Initial interviews by telephone are more common than they used to be. It’s an inexpensive way to screen candidates in the initial stages of a recruitment campaign.

Many people mistakenly assume that a telephone interview is easier than a face to face meeting and consequently do not sufficiently prepare. Make the same preparations as you would for a regular interview, this includes: research the company, learn the job description, know your CV / strengths / weaknesses / employment background / achievements and skills for the workplace.

Before the telephone interview:

  • Set up a day and time for the interview to take place.
  • Make sure you won’t be interrupted.  Turn of TV or radio and close the door.
  • Keep a copy of your CV by the phone and all the other relevant information you might need (website of the company, job description).
  • Make a list of your achievements, so you can refer to them, if asked.
  • Have a pen and paper, so you can take notes during the interview.
  • Make sure the battery of your mobile is fully charged.
  • Use the landline phone if your mobile phone has a bad signal.

During the interview:

  • Make sure you sound professional, motivated and enthusiastic, the sort of person they want on the team. Your tone of voice in a telephone interview will influence the rapport you establish with the interviewer.  Try to match your voice level and tone with the interviewers.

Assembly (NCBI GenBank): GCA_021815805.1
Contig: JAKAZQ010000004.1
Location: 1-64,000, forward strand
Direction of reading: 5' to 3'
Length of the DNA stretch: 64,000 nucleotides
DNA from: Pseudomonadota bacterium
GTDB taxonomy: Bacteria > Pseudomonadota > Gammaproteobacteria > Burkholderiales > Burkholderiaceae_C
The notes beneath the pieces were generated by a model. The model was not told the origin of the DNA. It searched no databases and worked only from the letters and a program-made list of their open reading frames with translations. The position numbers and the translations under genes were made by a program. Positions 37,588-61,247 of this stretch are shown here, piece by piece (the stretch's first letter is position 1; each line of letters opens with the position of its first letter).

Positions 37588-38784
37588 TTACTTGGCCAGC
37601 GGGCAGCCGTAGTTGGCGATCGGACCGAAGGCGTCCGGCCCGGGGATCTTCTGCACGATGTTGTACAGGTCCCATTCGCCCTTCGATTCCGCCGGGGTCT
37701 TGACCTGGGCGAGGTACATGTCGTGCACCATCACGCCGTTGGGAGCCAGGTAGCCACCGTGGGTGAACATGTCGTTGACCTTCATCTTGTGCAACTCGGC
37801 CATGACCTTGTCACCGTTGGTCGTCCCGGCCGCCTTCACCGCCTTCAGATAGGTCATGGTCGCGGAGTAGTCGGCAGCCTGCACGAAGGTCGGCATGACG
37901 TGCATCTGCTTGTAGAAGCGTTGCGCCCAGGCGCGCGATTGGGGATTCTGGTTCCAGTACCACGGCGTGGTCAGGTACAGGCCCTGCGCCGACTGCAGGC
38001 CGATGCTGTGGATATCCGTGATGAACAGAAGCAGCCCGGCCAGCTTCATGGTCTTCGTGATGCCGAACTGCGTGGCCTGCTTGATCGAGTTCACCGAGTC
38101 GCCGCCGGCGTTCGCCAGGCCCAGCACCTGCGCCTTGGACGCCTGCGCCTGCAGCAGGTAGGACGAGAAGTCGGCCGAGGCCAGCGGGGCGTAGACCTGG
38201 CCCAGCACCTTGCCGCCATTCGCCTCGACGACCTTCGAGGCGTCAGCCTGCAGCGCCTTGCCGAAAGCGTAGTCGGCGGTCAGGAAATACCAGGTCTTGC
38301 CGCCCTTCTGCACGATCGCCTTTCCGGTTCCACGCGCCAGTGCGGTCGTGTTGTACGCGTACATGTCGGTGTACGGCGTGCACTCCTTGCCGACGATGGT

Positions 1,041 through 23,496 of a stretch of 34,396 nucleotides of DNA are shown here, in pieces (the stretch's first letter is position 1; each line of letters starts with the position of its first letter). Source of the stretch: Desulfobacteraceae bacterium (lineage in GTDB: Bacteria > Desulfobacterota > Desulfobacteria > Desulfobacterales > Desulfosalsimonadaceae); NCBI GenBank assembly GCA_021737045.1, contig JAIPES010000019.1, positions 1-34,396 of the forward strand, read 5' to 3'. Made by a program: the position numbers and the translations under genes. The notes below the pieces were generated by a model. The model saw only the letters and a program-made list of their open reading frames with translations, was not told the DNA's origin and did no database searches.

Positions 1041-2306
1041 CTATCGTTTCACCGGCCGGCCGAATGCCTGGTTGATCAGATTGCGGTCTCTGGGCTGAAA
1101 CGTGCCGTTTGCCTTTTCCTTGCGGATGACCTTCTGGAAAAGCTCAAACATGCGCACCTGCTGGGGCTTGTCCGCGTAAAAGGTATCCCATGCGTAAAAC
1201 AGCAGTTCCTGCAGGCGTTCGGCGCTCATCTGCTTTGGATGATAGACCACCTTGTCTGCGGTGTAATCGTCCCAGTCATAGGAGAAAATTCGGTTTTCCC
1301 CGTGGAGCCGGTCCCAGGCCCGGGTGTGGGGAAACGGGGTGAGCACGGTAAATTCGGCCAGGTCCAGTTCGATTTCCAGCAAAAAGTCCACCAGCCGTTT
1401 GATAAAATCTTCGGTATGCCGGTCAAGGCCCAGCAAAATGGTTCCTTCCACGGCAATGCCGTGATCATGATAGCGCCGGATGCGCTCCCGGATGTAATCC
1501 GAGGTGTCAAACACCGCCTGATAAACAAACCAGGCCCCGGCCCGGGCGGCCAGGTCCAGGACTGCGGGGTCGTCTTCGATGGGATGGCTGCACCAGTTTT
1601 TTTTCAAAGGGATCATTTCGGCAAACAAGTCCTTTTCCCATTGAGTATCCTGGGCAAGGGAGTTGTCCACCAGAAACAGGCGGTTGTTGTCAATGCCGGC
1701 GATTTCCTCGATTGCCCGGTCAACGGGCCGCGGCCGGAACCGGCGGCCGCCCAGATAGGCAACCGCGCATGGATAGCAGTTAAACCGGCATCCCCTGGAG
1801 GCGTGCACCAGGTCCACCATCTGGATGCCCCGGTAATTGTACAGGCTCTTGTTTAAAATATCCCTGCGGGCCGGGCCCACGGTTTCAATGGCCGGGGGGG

• Listen carefully and if you don’t fully understand the question, ask for clarification.
  • Very important: smile when you talk on the telephone. You’ll be more relaxed, you’ll sound more confident, positive and assertive.
  • Don’t eat, smoke, or chew chewing gum.
  • Keep a glass of water beside you in case your mouth goes dry.
  • Speak slowly and pronounce your words clearly.
  • Call the interviewer by their title and last name (e.g. Ms. Jones) unless they ask you to call them by their first name.
  • Don’t interrupt the interviewer.
  • Don’t say unfavourable things about previous employers / jobs. Be positive.
  • Answer questions clearly – don’t ramble or mumble. Be brief and to the point. Don’t give long-winded answers.
  • Be assertive without being aggressive. And show respect.
  • Pace yourself, a good interviewer knows you may need a little time to compose a good response, so do take time to think about answers.
  • The interviewer may need some time to make notes between questions so don’t worry unduly about short silences, be patient.
  • Do not hurry any movement.
  • Relax with every breath.
  • Salary details should be discussed (unless specifically asked) during the second interview or via the respective consultant.

After the interview:

  • Express your interest in the role.
  • Thank the interviewer for their time and consideration of you.
  • You can ask for the next step in the recruitment process and when to receive feedback.
  • Finish the telephone call on a very positive note.
  • Keep in touch with your consultant – we are always interested in your feedback on what you thought of the role and the company.